John Lewis was not only a Congressman, but he was a civil rights leader, who passed away on July 17th. Shortly before his death, he wrote a short essay that he wanted to be published on the day of his funeral. The New York Times published the essay as we are reminded of John Lewis's legacy. In his essay, he knew his days were coming to an end, but he wanted everyone to know how they inspired him by using their power to make a difference in society. He talks about how he visited Black Lives Matter Plaza in Washington even though he was admitted to the hospital the following day, but he needed to witness the march himself. He said,
Ordinary people with extraordinary vision can redeem the soul of America by getting in what I call good trouble, necessary trouble. Voting and participating in the democratic process are key. The vote is the most powerful nonviolent change agent you have in a democratic society. You must use it because it is not guaranteed. You can lose it.
You must also study and learn the lessons of history because humanity has been involved in this soul-wrenching, existential struggle for a very long time. The truth does not change, and that is why the answers worked out long ago can help you find solutions to the challenges of our time...Continue to build union between movements stretching across the globe because we must put away our willingness to profit from the exploitation of others.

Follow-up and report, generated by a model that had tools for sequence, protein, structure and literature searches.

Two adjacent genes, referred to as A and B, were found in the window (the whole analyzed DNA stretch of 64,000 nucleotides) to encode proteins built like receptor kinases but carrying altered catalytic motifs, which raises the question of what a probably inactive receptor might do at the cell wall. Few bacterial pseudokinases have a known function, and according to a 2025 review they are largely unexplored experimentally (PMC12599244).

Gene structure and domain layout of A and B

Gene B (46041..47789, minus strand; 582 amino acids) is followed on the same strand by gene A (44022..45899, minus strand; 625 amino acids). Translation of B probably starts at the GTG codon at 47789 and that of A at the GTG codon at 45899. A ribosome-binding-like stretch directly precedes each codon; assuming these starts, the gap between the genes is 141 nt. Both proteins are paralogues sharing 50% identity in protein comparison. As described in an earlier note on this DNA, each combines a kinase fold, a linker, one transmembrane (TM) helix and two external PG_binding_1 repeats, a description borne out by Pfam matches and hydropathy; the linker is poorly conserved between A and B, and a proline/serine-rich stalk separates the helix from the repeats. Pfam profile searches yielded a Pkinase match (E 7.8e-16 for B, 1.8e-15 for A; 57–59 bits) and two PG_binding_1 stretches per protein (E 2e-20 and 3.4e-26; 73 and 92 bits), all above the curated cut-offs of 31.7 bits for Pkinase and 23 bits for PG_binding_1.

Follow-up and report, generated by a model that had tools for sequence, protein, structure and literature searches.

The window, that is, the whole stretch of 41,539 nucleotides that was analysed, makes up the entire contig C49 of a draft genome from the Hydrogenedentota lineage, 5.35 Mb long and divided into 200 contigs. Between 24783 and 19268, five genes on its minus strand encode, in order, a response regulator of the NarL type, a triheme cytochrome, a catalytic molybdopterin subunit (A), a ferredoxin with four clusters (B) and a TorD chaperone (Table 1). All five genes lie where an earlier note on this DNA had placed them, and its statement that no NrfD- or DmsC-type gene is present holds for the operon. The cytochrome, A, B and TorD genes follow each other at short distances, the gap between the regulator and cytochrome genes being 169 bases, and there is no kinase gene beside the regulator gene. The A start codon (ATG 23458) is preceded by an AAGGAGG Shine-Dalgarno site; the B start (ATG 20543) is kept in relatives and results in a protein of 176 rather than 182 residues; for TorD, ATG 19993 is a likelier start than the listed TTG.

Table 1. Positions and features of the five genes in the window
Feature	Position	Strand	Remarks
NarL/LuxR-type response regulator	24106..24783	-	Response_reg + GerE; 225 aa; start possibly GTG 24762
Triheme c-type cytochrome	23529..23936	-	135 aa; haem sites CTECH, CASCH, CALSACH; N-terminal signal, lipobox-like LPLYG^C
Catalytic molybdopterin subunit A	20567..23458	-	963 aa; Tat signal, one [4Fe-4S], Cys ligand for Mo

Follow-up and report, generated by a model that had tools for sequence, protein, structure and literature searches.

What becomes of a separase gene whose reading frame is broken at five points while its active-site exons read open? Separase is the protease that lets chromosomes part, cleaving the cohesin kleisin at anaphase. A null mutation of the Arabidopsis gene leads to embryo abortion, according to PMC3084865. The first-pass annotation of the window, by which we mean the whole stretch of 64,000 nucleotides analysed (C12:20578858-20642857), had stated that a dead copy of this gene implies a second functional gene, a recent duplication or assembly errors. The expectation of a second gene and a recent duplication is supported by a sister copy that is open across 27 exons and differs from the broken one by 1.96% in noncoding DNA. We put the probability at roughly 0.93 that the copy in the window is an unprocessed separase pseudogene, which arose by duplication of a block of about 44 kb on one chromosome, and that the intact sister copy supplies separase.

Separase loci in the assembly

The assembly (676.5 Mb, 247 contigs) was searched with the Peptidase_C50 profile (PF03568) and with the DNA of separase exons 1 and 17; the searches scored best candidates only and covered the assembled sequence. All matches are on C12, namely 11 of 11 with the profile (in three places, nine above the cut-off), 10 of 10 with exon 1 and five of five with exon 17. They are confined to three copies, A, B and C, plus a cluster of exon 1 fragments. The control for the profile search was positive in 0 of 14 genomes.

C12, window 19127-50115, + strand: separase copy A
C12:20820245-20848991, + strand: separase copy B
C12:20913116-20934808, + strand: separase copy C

He proceeded to say that even though he isn't here with us right now, he still urges us to answer the highest calling of our hearts and stand up for what we believe in.
"In my life I have done all I can to demonstrate that the way of peace, the way of love and nonviolence is the more excellent way. Now it is your turn to let freedom ring. So I say to you, walk with the wind, brothers and sisters, and let the spirit of peace and the power of everlasting love be your guide."
You can read his entire essay here!